Download ASTR 100: Homework 1 Solutions McGaugh, Fall 2008

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ASTR 100: Homework 1 Solutions
McGaugh, Fall 2008
1. Problem 1-15. “Our solar system is bigger than some galaxies.”
This statement makes no sense. A galaxy is composed of hundreds of billions of stars, while
our solar system is ‘just’ the stuff orbiting one star, our sun. Our solar system is a tiny part
of the Milky Way Galaxy, being much smaller than it.
2. Problem 1-41. Distance by light:
The problem asks you to compute the distance that light can travel in different intervals of
time, measured in kilometers and miles.
d = vt: distance = speed x time.
In this case, the speed is the speed of light: v = c. According to Appendix A of the book,
c = 3 × 105 km/s. The exact number is c = 299, 792 km/s; it is OK to use either value.
a) 1 light-second = (3 × 105 km/s)(1 s).
The seconds cancel out (see Appendix C), so 1 light-second = 300,000 km.
1 km = 0.62 miles, so (300,000 km)(0.62 miles/km) = 186,000 miles.
That’s a long way to go in one second!
b) Similarly, 1 light-minute = (3 × 105 km/s)(1 minute).
Be consistent in the use of units. 1 minute = 60 seconds, so
1 light-minute = (3 × 105 km/s)(60 s). Now the units again cancel nicely, and
1 light-minute = 1.8 × 107 km = 1.1 × 107 miles.
c) 1 light-hour = (3 × 105 km/s)(1 hour).
1 light-hour = (3 × 105 km/s)(60 minutes/hour)(60 seconds/minute)
1 light-hour = 1.08 × 109 km = 6.7 × 108 miles.
d) 1 light-day. There are 24 hours in a day, so
1 day = (24 hours)(60 minutes/hour)(60 seconds/minute) = 86,400 seconds.
1 light-day = (3 × 105 km/s)(86, 400 s), so
1 light-day = 2.6 × 1010 km = 1.6 × 1010 miles.
For a little perspective, the Voyager 1 spacecraft was launched 31 years ago, in 1977. It has
been traveling away from the earth ever since, and is now the most remote man-made object
at a distance of 1.6 × 1010 km. Light the sun emits today will pass Voyager tomorrow.
3. Problem 1-42. Moonlight and Sunlight:
This simply inverts the problem above: Since d = vt, t = d/v.
a) Light travel time from the moon to earth:
t = dmoon
c . dmoon = 3.8 × 10 km (Textbook Table E.3).
t = 3.8×10
3×105 km/s
t = 1.3 seconds.
b) Light travel time from the sun to earth:
t = dsun
c . dsun = 1.5 × 10 km (Table E.2).
t = 3×10 km
1.5×108 km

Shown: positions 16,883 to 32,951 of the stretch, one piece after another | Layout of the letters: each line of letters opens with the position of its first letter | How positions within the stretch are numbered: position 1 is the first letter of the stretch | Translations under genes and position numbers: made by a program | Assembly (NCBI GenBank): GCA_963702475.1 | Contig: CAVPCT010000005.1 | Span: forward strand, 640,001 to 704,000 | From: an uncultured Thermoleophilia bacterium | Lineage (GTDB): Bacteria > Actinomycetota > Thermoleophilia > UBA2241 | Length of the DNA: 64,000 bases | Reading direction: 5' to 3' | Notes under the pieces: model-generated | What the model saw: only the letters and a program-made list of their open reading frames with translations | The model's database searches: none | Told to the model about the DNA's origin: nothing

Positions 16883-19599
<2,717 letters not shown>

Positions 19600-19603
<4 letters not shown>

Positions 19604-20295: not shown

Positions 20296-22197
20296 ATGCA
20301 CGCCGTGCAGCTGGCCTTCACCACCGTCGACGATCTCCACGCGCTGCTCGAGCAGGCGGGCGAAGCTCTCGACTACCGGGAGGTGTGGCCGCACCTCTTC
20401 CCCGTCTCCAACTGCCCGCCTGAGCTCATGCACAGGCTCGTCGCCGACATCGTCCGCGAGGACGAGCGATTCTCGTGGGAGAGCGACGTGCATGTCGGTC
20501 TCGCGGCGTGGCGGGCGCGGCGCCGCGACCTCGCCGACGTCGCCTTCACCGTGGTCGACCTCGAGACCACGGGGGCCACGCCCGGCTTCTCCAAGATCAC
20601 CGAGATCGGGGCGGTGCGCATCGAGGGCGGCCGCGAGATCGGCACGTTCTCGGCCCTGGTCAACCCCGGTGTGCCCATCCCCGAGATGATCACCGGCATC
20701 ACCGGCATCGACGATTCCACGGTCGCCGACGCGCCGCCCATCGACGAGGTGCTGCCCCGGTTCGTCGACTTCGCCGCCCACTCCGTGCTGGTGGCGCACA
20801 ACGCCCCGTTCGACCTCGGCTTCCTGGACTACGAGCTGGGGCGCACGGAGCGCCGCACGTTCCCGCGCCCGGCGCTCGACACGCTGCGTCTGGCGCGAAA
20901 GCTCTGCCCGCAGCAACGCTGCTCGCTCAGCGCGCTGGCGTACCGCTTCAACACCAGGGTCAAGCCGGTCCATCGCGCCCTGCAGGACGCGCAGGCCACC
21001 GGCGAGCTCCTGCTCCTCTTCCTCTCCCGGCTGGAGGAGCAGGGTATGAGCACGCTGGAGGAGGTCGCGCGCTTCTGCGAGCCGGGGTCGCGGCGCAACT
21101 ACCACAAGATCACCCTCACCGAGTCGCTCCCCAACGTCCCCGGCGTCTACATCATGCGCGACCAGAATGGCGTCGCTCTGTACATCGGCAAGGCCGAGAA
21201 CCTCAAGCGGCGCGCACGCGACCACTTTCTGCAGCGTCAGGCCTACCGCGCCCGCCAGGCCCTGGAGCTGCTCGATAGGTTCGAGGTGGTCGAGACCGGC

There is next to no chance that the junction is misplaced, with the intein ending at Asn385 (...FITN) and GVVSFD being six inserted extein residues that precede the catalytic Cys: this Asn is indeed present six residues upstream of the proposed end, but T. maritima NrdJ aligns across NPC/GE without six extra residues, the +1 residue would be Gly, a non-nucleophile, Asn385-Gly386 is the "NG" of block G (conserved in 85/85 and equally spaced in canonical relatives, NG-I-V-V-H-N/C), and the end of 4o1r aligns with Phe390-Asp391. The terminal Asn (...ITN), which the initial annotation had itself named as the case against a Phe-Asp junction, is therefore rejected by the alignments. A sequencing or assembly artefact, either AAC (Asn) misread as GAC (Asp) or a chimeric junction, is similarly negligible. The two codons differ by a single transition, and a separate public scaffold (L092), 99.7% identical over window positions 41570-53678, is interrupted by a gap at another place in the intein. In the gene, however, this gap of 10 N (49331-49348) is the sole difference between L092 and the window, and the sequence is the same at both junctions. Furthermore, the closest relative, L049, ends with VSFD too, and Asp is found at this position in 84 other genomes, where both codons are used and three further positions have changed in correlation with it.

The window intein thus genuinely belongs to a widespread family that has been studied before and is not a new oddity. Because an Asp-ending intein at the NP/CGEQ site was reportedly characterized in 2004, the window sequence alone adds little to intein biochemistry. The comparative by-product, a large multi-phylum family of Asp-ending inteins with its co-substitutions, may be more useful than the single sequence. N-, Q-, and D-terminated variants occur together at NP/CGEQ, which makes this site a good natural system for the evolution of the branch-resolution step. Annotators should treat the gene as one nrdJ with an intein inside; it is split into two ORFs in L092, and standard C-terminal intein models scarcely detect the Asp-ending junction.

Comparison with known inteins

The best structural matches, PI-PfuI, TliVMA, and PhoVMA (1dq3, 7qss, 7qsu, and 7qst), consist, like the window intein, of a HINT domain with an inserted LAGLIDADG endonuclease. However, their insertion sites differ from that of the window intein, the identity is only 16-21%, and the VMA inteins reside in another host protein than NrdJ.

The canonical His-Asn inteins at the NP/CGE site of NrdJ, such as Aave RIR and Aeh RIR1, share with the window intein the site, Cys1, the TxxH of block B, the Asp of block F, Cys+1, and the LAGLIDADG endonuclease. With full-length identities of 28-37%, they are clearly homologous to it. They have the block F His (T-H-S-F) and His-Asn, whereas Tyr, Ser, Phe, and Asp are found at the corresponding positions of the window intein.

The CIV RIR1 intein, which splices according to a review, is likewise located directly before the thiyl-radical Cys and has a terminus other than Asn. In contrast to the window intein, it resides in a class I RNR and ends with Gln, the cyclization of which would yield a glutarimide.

t = 500 s = 8 minutes, 20 seconds.
4. Problem 2-24. “If the Earth’s orbit were a perfect circle, we would not have seasons.”
This statement is clearly false. A perfectly circular orbit would mean that the earth is always
the same distance from the sun. However, the primary cause of our seasons is the tilt of the
earth’s spin axis with respect to its orbital plane. Eliminating the variation in distance from
the sun would not affect this primary attribute.
5. Problem 2-28. The north celestial pole (i.e., the North Star) is at an altitude of 35◦ above
your northern horizon. This tells you that (a) you are at latitude 35◦ N.
6. Problem 2-32. If the sun rises precisely due east, (b) it must be the day of the equinox (either
spring or fall).
7. Problem 3-13. “The Yankees are the best baseball team of all time.”
On its face, this is the assertion of a partisan fan, not a scientific claim. However, can we
evaluate this claim scientifically? Is there some measure by which the Yankees (or some other
team) could be evaluated? Baseball is a statistics rich sport; there are many well-recorded
possibilities. Which team has the best overall won-lost record? Which team has won the
most pennants? Which has won the most world series? These are all questions that can be
answered clearly and quantitatively. The trick is agreeing which statistic qualifies a team
as the ‘best of all time.’ It often happens that even when we agree on the facts, we may
not agree on what they mean. Does a team qualify as the best-ever if it meets one of the
criteria above? Only if it meets all three? Or is there some other measure that would be more
appropriate? The problem returns us to the phrasing of the assertion: what do we mean by
‘best?’ If we can agree on that, and can define a quantitative way to measure it, then we can
turn this assertion into something accessible to science. Agreeing on what we mean by ‘best’
is not simple, which is why scientists prefer more specific, limited language. “The Yankees
have been the most successful franchise in winning pennants” would be a more measured (and
measurable!) statement.
8. Extra credit 2-44. The Sun’s diameter.
θ = L/D. In this case, we want to find the size of the sun (L) from its observed angular
diameter (θ = 0.5◦ ) and distance (D = dsun = 1.5 × 108 km). Hence
L = θD. This formula holds only when θ is in radians, so first convert units: 1 radian =
180/π degrees.
θ = 0.5◦ = 0.5 degrees(π/180)(radians/degree)
θ = 0.0087 radians. Now
L = (8.7 × 10−3 )(1.5 × 108 km)
L = 1.31 × 106 km, very close to the actual value of 1.39 × 106 km.
Indeed, we only miss it by a little because we have approximated the angular size of the sun
as half a degree. This is close, but not exact. We can invert the procedure to find the exact
θ = L/D = (1.39 × 106 km)/(1.5 × 108 km) = 0.0093 radians = 0.53◦ .